Scientists have long known that aluminum is energy-dense and can create significant amounts of hydrogen when it encounters water. Normally, this hydrogen-producing reaction is blocked by “aluminum rust,” the shiny silver color people typically associate with aluminum cans. In 2013, undergraduate students working at the Massachusetts Institute of Technology (MIT) accidentally discovered that aluminum could be “activated” or prevented from rusting if it was heated in the presence of very small amounts of gallium and indium, metals anyone can purchase online. This created a safe and efficient means of generating hydrogen on demand. If it can be done at scale, having Marine Corps units produce their own hydrogen fuel on the battlefield could revolutionize their logistics and simultaneously provide clear tactical benefits. In other words, Marines could “distill” their own “moonshine hydrogen” as a tactical fuel.
The water and activated aluminum reaction produce three byproducts: hydrogen, heat, and aluminum hydroxide, the main ingredient in many antacid tablets. With funding from the Office of Naval Research, MIT undergraduates developed an aluminum-fueled BMW, powered a trolling motor for watercraft, a two-stroke engine that combusts the hydrogen, and a battery charger for dismounted infantry. One team used the hydrogen to raise large balloons with camera payloads into the stratosphere. One MIT student built a prototype water purification system that used the heat from the reaction to push water through a reverse-osmosis membrane—a process that typically requires diesel-powered reverse-osmosis water purification units. The aluminum feedstock used soda cans, household electrical wire, and BB-gun pellets.
Looking ahead, Marine Corps logisticians hope to simplify field messing by using the reaction’s heat and burning its hydrogen in standard military field stoves. Ground vehicles, watercraft, and unmanned aerial vehicles (UAVs) could all be driven with fuels cells powered by the reaction’s hydrogen byproduct and compressed into canisters using the reaction’s heat.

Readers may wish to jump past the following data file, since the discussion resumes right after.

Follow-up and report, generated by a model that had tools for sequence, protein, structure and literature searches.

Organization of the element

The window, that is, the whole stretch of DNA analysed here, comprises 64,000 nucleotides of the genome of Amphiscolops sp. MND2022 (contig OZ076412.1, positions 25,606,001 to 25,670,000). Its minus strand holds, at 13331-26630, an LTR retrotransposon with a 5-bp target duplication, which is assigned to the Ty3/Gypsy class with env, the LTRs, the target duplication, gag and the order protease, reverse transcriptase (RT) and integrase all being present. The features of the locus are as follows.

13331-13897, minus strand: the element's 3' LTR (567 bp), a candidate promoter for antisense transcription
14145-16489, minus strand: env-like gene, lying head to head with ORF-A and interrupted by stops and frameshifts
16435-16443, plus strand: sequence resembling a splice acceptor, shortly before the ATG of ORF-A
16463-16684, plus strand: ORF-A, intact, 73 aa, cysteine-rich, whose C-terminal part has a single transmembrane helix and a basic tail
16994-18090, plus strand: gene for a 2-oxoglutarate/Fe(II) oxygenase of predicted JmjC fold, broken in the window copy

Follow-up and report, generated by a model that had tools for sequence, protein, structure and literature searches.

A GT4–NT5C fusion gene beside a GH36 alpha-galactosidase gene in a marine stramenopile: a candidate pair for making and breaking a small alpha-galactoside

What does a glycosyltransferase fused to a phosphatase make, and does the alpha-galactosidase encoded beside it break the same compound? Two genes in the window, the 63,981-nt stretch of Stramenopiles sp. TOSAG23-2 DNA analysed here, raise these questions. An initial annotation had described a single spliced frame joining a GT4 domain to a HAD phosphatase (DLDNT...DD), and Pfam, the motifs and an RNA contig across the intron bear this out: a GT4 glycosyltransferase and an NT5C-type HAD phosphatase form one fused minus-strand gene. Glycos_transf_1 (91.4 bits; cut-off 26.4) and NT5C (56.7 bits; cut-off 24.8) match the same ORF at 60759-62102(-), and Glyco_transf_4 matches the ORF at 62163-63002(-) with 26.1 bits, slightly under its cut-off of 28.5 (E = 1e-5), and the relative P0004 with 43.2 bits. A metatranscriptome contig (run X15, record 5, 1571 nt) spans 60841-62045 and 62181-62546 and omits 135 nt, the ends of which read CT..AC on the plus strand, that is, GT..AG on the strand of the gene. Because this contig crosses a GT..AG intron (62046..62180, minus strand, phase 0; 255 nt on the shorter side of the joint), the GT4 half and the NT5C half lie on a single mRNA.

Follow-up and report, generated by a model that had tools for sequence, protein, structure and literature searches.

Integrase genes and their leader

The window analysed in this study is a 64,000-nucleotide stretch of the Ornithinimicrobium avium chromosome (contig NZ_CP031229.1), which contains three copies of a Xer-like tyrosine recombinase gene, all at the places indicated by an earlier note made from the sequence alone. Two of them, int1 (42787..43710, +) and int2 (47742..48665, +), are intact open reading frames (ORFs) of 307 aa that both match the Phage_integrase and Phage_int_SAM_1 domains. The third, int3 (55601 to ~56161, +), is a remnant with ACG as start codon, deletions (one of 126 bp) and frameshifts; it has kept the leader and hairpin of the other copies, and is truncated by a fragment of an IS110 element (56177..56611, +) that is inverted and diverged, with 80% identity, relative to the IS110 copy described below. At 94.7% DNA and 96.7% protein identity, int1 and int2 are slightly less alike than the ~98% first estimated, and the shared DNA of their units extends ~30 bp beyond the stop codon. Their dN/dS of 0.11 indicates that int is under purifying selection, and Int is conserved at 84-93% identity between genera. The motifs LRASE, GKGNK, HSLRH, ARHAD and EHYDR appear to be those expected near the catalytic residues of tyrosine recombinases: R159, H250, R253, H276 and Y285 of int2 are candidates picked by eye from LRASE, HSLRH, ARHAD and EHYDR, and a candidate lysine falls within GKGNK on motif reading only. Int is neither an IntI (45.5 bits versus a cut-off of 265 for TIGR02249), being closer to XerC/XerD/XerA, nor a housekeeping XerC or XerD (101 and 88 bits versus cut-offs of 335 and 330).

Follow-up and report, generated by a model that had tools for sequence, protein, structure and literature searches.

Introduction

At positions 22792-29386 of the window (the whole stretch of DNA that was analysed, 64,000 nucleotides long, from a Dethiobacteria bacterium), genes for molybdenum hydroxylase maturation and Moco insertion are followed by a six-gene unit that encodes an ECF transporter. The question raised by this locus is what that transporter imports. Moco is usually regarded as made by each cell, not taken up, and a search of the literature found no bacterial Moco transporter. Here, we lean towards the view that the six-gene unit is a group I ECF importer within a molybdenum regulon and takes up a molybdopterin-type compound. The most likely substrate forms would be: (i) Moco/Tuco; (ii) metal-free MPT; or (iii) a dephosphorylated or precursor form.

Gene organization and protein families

The biggest potential of using hydrogen for tactical applications is that it can be created at the point of use with a ready supply of water and “activated” aluminum. The future of expeditionary logistics will stress the logistics of fuel even farther. Commandant of the Marine Corps General David H. Berger has made it clear that “In the future operating environment, logistics will be the pacing function for the Marine Corps.” In 2019 the Deputy Commandant for Installations and Logistics went further, asserting that “Fuel is the pacing commodity.” However, the force has not identified clear solutions to the fuel logistics problems in the future operating environment.
In Force Design 2030, Berger also noted that “. . . we have identified the additional structure required to provide the tactical maneuver and logistical sustainment needed to execute DMO, LOCE and EABO . . .” and made it clear that logistics would be a focus of force design efforts in the future because it is essential to operationalize EABO and other future operating concepts. Operational energy is not just a challenge for the future, but a problem across all different types of operations. In his book Seapower, Geoffrey Till argues that even traditional amphibious operations “are often dominated” by logistics, particularly the logistics of fuel.1